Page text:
My good friend Chitta Ranjan recently landed in hospital and had a steel rod inserted into his left leg. Doctors treating him say he may never be able to drive…
My good friend Chitta Ranjan recently landed in hospital and had a steel rod inserted into his left leg. Doctors treating him say he may never be able to drive a bike again. He will walk with difficulty – and that too only after a year of painstaking exercises and physiotherapy.
Chitta had done everything that a responsible and law-abiding commuter is expected to do while driving when he met with an accident. He was wearing a proper, ISI marked helmet (and not an apology of a helmet as most people do). Rather than take a short cut and drive against the flow of traffic for quite some distance, he had chosen to take a much longer detour to be on the right side of the road – and, of course, the law. What, however, he had not bargained for was that not everyone is a law-abiding commuter and that there are many who would drive long distances on the wrong side – and at full speed! One such person dashed his car against Chitta’s bike full throttle. Chitta was first airborne for some time and then fell to the ground with a thud, only to discover later that he had lost use of one leg for quite some time. Since he is on the wrong side of 60, getting back full use of the leg is asking for the moon. At best, he may regain only partial use of the left leg.
Come to think of it! All this because one person chose to drive on the wrong side of the road!!
The state government has done well to remind the people of its resolve to enforce the amended Motor Vehicles Act in letter and spirit from the New Year. Cops have indeed been cracking down hard on those who violate traffic rules.
But look closer and you will find that the crackdown has been focused almost entirely on helmetless driving. When was the last time you saw someone being fined for driving full throttle, horns blaring, on footpaths? Or breaking the speed limits? Or changing lanes at will? Or honking incessantly? Or waiting on the extreme left at traffic junctions and speeding away to the extreme right just as the signal turns green, leaving those on the first row and waiting to go straight looking rather foolish! And wrong side driving doesn’t seem to be in the list of traffic offences at all! It is accepted by everyone, including the traffic cops, as a ‘fact of life’ and allowed to go on unhindered.
When people have been fined for other offences like driving without a license/proper papers for the vehicle or drunken driving, these offences have invariably been add-ons found only after they were first hauled up for driving without wearing a helmet. If you are wearing a helmet, the chances of getting intercepted by the police are next to negligible. Most commuters know it and take full advantage of it.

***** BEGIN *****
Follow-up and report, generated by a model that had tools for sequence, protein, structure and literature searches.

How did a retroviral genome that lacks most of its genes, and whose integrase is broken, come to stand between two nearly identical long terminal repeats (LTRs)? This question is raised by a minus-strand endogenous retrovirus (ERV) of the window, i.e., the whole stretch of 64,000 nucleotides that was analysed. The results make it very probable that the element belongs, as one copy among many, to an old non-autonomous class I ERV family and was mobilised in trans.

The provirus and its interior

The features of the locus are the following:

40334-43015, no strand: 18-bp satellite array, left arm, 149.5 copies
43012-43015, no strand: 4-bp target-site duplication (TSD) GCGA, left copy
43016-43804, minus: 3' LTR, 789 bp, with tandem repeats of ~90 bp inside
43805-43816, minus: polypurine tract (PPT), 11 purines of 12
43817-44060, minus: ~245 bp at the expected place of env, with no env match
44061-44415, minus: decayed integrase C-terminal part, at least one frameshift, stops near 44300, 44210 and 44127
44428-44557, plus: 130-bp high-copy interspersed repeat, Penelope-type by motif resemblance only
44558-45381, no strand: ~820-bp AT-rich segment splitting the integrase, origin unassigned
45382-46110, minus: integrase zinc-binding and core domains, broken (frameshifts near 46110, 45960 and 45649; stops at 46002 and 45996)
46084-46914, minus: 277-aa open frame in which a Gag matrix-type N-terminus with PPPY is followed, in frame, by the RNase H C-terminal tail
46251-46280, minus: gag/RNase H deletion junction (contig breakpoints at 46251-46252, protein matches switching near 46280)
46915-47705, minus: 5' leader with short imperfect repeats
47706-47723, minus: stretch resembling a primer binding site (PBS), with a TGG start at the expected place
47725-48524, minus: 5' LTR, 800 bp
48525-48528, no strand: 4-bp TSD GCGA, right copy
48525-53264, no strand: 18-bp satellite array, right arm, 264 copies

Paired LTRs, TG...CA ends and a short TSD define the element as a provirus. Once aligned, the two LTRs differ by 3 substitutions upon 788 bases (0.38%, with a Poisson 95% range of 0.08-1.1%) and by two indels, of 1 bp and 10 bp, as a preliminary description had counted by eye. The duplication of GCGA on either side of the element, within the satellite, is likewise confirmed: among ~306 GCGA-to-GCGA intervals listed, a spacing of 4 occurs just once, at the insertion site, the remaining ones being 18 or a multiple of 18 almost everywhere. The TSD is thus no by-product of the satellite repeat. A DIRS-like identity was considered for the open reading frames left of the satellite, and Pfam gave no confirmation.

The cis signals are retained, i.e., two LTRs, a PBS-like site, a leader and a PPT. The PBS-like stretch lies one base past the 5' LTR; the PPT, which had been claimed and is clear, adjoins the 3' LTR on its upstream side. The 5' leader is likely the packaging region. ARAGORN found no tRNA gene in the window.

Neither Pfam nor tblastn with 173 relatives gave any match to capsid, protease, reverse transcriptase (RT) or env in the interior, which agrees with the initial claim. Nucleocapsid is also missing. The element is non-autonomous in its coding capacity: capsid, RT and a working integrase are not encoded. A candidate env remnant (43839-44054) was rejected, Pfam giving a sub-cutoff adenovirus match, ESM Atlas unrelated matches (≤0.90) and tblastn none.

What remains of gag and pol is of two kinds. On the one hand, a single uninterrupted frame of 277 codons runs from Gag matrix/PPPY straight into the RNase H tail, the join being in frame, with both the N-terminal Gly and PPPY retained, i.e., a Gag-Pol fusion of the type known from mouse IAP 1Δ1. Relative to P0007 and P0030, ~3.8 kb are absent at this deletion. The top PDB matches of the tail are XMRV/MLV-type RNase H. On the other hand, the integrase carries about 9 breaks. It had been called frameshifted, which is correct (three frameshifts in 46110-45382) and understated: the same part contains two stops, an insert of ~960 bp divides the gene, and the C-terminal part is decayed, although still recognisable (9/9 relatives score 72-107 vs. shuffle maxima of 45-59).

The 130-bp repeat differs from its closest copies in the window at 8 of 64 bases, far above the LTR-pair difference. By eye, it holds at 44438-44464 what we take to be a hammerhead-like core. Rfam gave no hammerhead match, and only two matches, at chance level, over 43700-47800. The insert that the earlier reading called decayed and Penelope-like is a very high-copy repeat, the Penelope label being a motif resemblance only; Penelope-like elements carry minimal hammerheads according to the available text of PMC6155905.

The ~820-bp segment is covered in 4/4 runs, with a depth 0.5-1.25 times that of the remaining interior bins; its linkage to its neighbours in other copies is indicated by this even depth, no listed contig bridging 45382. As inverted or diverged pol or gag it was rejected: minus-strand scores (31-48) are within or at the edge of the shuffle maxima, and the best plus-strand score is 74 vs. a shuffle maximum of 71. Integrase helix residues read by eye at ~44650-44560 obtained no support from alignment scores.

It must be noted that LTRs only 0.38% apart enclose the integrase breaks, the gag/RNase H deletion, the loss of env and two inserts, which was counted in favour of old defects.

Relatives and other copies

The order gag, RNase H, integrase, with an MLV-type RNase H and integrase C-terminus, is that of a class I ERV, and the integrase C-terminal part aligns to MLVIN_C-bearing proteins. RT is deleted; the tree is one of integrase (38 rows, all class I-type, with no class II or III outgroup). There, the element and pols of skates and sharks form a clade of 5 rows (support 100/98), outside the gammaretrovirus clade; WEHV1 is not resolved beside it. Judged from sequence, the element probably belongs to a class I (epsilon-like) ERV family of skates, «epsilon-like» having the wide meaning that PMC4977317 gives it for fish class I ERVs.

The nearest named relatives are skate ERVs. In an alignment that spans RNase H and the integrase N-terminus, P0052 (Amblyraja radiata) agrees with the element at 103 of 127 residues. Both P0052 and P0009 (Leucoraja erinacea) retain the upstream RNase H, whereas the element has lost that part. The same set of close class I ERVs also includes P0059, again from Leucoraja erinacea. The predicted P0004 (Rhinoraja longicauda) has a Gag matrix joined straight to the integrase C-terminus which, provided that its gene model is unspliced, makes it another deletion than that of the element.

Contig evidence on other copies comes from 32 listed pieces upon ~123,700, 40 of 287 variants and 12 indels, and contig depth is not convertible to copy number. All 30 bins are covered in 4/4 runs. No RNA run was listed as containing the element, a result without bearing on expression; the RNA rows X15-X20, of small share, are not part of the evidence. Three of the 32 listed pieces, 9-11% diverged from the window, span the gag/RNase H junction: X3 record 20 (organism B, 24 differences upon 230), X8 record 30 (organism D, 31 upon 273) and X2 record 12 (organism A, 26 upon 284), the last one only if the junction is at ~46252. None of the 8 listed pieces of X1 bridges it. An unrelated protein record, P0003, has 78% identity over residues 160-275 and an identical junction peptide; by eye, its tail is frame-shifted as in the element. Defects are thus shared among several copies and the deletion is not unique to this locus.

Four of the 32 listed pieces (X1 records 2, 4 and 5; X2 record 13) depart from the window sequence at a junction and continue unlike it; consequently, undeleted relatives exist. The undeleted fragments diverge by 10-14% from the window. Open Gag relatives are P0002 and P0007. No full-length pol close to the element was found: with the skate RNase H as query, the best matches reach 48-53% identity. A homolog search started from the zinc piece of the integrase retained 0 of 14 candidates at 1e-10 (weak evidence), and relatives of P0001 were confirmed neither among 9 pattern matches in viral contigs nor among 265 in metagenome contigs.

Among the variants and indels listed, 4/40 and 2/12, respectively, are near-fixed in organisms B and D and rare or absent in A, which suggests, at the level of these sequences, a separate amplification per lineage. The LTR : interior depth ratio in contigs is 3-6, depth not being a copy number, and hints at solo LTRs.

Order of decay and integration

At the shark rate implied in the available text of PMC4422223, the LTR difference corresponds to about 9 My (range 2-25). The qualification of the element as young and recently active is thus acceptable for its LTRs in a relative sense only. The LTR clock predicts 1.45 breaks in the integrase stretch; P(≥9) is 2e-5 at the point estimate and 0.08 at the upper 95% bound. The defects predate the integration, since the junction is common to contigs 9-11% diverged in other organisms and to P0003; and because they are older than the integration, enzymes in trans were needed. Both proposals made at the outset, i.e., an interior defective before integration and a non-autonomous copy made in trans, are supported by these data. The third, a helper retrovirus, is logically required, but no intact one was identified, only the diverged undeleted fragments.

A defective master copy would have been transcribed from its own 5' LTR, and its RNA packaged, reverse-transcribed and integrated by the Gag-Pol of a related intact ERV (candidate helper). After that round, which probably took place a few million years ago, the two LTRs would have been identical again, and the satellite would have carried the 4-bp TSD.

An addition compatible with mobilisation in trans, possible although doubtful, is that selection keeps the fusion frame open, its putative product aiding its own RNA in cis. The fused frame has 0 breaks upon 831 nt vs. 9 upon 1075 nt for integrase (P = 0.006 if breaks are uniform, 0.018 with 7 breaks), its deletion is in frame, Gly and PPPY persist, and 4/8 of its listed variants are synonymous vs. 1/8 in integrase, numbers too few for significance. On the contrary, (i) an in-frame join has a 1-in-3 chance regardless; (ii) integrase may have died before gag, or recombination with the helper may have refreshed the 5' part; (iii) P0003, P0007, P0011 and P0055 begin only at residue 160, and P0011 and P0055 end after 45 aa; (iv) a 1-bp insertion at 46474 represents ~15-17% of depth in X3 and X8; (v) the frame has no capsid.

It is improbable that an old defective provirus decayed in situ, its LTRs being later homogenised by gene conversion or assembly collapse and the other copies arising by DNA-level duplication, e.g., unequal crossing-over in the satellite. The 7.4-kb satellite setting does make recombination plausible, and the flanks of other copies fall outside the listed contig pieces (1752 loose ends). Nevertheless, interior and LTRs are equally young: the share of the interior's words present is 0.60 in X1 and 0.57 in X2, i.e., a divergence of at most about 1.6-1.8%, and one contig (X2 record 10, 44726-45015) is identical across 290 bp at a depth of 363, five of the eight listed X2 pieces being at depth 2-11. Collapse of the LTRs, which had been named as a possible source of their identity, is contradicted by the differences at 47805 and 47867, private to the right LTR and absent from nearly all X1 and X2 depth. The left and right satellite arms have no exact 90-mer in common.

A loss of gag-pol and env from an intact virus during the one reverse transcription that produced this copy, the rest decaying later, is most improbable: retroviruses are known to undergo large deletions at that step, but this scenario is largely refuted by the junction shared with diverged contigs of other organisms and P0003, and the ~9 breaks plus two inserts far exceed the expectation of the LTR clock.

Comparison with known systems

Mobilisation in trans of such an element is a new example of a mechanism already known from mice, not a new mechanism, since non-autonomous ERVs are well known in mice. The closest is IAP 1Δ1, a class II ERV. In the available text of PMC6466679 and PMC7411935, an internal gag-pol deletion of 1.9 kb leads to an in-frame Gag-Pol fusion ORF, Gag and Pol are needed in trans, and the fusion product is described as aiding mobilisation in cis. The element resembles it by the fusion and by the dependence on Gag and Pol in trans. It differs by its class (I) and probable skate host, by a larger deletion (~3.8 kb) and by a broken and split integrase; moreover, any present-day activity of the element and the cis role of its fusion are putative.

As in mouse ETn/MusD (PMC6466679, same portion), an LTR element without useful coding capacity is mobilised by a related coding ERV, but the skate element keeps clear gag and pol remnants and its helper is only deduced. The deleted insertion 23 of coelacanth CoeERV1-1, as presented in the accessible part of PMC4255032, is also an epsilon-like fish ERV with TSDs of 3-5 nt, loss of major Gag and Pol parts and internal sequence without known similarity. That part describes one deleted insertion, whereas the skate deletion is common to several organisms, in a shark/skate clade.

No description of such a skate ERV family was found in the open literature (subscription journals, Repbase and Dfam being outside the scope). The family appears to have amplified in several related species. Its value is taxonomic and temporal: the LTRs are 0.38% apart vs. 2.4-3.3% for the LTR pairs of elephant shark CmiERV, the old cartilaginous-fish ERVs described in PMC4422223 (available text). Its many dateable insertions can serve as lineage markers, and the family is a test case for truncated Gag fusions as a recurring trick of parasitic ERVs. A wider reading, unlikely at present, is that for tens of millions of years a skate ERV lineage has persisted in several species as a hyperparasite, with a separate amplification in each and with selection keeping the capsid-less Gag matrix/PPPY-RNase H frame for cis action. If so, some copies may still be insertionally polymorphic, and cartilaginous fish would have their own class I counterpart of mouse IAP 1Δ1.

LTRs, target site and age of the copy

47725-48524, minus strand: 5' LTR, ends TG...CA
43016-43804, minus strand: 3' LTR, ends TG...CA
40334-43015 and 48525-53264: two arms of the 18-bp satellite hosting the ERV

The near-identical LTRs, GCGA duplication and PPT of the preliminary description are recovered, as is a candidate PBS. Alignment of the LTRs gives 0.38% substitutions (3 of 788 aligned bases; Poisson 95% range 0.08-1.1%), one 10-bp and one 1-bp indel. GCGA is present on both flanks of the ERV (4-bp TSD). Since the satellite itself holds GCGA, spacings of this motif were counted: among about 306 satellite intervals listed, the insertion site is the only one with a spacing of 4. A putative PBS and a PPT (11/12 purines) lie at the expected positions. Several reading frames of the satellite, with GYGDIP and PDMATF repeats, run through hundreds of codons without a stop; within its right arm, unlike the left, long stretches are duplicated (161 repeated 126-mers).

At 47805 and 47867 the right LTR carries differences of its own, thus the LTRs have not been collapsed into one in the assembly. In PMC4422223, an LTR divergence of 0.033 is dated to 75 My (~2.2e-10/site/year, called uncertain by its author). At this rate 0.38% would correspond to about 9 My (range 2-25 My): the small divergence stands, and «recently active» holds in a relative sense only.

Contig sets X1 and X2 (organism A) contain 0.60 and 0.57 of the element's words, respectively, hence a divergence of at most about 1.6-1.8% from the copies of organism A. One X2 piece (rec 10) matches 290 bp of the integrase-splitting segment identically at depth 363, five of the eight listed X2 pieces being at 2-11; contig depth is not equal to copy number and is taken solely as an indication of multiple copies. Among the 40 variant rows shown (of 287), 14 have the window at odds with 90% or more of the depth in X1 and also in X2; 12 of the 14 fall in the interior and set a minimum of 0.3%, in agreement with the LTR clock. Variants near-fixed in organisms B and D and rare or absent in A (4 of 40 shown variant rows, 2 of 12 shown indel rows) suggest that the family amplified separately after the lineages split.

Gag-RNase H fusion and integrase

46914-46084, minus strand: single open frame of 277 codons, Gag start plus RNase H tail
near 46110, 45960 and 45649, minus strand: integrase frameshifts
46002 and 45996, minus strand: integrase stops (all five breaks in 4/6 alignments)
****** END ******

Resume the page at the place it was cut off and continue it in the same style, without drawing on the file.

It is true that a majority of road fatalities occur because of head injuries caused by helmetless driving. But it does not necessarily follow that other traffic violations don’t cause death. Hence, there is a crying need to focus on other kinds of traffic violations if we want to bring down the number of accidents and prevent the loss of lives and limbs.
This columnist sees two major reasons for the traffic cops’ attention staying focused solely on those who drive without hearing a helmet. First, there are simply not enough personnel to ensure that commuters obey all traffic rules. Second, helmetless driving is easier to spot – and hence easier to haul up – while a commuter needs to be stopped – and checked – to find if s/he is violating other traffic rules.
But the state government is duty-bound to recruit the required number of personnel to ensure strict adherence to ALL traffic rules, regardless of the money needed. Simultaneously, it must also launch a high pitched awareness campaign to sensitize commuters of the dangers of violating traffic rules. After all, Odisha has been recording a disproportionately high number of road fatalities over the last few years. Despite the restrictions on movement during the lockdown lasting for the better part of the year, there were no less than 4738 road fatalities in 2020, a fall of just 11% over the number of deaths the year before (5333)!!
(DISCLAIMER: This is an opinion piece. The views expressed are the author’s own and have nothing to do with OTV’s charter or views. OTV does not assume any responsibility or liability for the same.)
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